After dinner, give the dishwasher a break and wash the dishes by hand. Your arthritic joints will thank you for the light exercise, and the warm water will relax your muscles, loosen your joints, and allow your body a break from the pressure of constant movement.

Epsom Salt Baths

Athletes are well-known for their love of Epsom salt baths, and constant training and monitoring ensures that they stick to non-steroidal anti-inflammatory medications for their treatment. Be sure to follow their lead and add Epsom salts to your bath to accelerate the relief. Once absorbed into your skin, the Epsom salts immediately work to alleviate inflammation and reduce pain.

Diet Changes: Let’s Hit the Kitchen!

Just a few changes to your diet can make all the difference in your battle with arthritis. When taking a homeopathic approach to arthritis, there are three main focus areas for combating arthritis: anti-inflammatory, pain relief, and prevention.

Studies have proven that certain superfoods can help tamper inflammation and pain, and even help to prevent any future recurrences!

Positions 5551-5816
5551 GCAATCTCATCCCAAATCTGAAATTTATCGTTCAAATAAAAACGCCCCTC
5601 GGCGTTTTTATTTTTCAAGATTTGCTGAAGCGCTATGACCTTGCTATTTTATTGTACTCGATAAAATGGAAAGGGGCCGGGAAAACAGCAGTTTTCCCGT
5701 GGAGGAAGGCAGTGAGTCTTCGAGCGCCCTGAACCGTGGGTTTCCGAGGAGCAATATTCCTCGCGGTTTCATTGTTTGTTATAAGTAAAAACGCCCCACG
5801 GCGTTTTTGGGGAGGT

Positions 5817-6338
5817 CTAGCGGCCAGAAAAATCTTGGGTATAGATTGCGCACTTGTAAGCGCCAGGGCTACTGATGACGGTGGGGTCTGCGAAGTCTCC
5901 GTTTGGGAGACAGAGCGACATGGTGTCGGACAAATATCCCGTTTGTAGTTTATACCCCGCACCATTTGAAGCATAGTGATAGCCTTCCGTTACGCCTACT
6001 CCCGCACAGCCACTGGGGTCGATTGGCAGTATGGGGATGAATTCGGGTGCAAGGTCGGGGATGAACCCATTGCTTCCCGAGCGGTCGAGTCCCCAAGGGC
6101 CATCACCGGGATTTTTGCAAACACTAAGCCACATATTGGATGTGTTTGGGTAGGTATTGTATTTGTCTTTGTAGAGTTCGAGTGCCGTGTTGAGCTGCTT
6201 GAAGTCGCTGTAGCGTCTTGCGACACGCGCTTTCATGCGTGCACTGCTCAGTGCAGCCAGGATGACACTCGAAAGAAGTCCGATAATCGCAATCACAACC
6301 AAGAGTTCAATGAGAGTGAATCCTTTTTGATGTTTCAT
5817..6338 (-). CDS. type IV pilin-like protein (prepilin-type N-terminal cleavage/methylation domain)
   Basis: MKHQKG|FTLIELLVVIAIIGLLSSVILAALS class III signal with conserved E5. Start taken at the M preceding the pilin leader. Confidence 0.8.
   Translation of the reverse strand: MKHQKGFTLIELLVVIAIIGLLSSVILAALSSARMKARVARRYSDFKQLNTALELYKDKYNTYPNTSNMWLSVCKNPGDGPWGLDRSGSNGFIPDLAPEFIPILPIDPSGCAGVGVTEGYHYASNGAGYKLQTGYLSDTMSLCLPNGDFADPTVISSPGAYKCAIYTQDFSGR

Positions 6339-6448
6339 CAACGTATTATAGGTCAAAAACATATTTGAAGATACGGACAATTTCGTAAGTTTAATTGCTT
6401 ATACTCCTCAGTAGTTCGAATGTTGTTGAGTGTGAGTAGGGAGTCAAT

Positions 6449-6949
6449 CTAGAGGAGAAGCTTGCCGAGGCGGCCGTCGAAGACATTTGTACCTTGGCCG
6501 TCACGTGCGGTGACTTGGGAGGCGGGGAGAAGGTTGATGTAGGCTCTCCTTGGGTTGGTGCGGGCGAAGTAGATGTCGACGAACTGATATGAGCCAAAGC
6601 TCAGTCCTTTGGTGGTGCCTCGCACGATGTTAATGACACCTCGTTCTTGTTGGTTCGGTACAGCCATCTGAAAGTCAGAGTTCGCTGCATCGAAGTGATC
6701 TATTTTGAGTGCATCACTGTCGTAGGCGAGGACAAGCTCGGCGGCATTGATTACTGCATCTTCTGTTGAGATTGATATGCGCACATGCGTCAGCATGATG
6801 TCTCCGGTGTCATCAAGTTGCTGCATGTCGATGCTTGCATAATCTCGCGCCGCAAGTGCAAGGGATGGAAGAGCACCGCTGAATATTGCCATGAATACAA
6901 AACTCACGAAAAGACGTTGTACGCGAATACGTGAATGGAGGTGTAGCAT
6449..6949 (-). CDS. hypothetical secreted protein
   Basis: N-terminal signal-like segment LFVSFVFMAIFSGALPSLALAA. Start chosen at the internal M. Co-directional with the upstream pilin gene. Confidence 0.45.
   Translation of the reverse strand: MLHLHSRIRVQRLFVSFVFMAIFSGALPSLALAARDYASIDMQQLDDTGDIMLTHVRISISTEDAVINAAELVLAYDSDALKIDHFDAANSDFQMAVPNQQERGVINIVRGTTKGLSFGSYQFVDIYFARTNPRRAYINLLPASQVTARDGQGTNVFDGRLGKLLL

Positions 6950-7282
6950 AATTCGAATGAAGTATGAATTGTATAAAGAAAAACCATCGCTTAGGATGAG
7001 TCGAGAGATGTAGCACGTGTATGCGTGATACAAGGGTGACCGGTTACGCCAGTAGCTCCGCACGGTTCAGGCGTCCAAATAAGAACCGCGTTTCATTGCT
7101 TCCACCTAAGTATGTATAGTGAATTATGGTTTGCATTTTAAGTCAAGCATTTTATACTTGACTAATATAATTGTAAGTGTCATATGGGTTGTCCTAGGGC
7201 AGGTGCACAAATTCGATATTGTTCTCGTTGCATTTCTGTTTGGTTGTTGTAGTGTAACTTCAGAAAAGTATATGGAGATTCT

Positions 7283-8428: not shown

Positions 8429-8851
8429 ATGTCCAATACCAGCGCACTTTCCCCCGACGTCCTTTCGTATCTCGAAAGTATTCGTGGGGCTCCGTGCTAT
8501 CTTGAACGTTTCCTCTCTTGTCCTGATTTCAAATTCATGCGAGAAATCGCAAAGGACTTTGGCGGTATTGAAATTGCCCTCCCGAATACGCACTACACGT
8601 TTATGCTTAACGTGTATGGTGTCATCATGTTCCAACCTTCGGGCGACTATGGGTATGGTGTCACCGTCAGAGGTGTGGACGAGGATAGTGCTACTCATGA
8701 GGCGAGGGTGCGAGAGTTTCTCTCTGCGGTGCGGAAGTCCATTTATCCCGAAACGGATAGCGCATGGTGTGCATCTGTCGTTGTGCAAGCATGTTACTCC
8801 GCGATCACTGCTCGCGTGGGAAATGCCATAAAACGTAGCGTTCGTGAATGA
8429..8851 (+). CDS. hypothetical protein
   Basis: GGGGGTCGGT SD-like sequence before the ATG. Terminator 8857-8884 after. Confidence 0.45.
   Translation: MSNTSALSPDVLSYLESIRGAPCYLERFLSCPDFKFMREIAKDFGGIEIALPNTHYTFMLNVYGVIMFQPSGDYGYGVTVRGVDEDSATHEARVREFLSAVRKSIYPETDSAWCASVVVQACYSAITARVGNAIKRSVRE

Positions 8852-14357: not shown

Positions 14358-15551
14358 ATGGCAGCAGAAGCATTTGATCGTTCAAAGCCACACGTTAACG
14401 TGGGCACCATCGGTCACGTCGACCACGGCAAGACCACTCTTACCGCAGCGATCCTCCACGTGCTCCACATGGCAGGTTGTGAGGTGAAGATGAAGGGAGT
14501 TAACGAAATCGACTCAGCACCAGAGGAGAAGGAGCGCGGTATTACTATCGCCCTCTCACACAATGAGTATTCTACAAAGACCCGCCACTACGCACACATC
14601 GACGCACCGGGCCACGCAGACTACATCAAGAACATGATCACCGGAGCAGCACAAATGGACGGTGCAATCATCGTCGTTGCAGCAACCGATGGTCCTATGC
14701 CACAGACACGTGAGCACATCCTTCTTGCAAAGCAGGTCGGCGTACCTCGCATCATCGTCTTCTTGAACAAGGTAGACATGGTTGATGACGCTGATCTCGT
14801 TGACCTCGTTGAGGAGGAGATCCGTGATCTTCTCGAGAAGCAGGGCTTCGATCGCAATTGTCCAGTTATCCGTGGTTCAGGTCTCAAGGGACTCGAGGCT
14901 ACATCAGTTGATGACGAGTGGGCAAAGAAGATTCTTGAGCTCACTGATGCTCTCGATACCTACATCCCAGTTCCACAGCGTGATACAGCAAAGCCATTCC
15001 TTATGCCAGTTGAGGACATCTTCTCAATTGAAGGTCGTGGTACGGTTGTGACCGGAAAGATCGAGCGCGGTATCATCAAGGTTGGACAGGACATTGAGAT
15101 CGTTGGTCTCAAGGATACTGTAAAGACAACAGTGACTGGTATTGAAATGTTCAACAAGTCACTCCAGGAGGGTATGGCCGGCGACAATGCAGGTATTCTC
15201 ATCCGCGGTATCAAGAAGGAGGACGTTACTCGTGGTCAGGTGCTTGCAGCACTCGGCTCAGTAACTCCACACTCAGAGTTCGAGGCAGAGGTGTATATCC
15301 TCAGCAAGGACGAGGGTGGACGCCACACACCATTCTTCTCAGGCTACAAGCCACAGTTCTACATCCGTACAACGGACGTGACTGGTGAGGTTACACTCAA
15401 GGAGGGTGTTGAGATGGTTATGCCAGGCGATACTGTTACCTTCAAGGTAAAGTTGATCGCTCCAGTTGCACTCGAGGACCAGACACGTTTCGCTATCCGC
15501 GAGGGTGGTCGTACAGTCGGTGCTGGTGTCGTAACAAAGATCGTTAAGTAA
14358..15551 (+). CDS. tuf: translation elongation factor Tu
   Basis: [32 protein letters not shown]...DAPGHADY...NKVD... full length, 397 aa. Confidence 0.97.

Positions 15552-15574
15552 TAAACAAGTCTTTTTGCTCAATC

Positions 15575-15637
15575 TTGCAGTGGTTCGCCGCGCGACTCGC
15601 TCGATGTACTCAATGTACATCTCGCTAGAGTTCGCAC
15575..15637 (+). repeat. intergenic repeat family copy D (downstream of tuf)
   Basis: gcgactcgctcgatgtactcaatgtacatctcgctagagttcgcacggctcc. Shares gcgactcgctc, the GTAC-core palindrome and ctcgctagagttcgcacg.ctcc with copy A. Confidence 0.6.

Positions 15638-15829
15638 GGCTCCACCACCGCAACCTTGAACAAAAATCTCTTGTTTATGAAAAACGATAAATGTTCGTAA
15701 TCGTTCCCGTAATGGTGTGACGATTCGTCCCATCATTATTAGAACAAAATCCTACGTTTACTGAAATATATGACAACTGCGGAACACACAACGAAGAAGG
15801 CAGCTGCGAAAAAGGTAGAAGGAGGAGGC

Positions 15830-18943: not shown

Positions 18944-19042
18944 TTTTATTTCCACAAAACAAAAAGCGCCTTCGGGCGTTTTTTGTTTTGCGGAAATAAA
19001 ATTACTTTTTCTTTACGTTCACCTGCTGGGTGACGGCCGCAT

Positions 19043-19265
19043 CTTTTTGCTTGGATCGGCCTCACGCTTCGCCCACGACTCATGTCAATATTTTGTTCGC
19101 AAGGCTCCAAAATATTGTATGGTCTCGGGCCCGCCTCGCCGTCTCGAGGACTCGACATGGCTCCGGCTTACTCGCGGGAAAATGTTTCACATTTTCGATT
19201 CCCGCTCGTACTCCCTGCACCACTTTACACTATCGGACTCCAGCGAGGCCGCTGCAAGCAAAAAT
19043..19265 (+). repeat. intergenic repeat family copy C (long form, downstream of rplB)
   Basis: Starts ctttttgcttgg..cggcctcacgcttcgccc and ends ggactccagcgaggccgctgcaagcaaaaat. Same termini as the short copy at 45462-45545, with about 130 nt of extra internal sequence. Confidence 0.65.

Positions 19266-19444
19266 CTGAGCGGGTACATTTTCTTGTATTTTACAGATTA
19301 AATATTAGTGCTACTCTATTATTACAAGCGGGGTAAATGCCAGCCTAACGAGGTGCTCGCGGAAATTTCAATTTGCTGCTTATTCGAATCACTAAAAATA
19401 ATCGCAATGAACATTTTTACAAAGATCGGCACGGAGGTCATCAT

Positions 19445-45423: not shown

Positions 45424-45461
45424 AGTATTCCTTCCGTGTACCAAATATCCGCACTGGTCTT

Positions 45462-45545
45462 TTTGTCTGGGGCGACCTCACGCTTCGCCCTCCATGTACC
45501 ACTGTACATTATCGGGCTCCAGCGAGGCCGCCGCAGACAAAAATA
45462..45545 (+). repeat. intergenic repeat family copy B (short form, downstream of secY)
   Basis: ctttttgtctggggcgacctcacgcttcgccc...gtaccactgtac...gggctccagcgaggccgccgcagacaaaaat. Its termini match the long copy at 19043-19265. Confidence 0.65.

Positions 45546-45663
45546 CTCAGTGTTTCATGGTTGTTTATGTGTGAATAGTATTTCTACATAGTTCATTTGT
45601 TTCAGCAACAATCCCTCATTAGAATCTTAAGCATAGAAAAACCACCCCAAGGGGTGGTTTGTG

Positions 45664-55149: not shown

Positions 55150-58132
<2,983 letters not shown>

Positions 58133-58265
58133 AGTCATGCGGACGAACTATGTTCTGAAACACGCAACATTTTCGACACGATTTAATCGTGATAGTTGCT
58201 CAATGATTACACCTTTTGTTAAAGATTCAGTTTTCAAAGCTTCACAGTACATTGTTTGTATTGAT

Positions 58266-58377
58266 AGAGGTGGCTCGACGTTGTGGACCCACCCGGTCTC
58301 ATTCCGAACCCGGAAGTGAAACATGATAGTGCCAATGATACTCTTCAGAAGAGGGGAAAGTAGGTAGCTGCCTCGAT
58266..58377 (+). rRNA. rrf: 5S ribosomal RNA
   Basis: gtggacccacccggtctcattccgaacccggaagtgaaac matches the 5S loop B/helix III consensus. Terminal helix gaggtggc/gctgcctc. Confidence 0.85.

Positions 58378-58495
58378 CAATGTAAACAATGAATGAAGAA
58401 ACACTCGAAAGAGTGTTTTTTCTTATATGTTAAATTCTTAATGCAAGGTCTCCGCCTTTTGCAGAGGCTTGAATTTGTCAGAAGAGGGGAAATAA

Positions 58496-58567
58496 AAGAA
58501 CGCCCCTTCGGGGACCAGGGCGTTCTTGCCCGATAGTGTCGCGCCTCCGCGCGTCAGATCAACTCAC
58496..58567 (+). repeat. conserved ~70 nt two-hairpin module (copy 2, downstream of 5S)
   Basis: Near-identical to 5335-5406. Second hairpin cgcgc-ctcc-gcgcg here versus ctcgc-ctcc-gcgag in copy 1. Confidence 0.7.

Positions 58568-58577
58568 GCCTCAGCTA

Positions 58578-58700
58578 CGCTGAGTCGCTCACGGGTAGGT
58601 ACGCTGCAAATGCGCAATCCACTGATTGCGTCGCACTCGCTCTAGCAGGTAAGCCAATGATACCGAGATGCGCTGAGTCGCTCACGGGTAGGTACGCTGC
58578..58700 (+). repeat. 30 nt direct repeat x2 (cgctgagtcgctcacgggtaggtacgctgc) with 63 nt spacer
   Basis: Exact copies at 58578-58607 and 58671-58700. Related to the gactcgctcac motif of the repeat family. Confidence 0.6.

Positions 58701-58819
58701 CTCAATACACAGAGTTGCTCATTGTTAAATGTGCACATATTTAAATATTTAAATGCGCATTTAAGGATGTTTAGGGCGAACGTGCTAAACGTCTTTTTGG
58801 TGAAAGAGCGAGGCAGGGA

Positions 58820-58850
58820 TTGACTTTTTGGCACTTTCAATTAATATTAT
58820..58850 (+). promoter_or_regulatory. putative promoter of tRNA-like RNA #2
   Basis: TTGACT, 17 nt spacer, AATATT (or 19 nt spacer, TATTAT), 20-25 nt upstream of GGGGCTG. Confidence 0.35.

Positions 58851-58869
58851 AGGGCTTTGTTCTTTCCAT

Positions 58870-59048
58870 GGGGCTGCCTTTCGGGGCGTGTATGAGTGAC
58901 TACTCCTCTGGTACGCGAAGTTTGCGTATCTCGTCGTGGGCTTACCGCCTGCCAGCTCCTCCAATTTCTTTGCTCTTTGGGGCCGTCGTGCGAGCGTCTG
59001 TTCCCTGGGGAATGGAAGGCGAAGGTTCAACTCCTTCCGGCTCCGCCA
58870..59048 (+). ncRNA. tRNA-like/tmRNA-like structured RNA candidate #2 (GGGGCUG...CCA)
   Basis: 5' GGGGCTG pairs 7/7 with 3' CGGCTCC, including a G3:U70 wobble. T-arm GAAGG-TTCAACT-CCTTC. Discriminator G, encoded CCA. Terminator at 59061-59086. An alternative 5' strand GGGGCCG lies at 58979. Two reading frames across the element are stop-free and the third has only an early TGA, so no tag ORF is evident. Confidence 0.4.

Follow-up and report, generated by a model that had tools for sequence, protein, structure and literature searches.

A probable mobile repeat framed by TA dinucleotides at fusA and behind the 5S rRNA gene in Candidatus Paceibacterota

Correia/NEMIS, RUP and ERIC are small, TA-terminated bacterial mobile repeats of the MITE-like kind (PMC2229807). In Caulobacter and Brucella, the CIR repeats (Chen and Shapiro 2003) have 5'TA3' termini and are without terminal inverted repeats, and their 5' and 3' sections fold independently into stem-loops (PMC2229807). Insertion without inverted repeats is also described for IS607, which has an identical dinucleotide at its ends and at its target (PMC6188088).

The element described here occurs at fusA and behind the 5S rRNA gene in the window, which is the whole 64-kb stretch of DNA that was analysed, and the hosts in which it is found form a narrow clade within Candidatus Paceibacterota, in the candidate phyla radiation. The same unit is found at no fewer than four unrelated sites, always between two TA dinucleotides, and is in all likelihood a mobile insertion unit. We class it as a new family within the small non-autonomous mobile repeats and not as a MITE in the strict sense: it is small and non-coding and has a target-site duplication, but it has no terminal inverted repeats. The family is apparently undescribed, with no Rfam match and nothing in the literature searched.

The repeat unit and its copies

Begin by swapping your cooking oil for either olive oil or canola oil. While certain oils can speed up inflammation, the Omega-3 fatty acids in olive oil and canola oil actually reduce inflammation, swelling, and pain. Omega-3 fatty acids are also found in cold-water fish like salmon and tuna.

Vitamin D is particularly important for those suffering from osteoarthritis. Vitamin D will ease inflammation and related pain, while protecting bones and cartilage by fortifying their structure and making them less susceptible to osteoarthritis. Vegetables like cauliflower, broccoli, and Brussels sprouts offer an excellent source of calcium. For those suffering from osteoarthritis, and particularly, carpal tunnel, a daily dose of Vitamin E has been shown to reduce pain and allow for a better grip.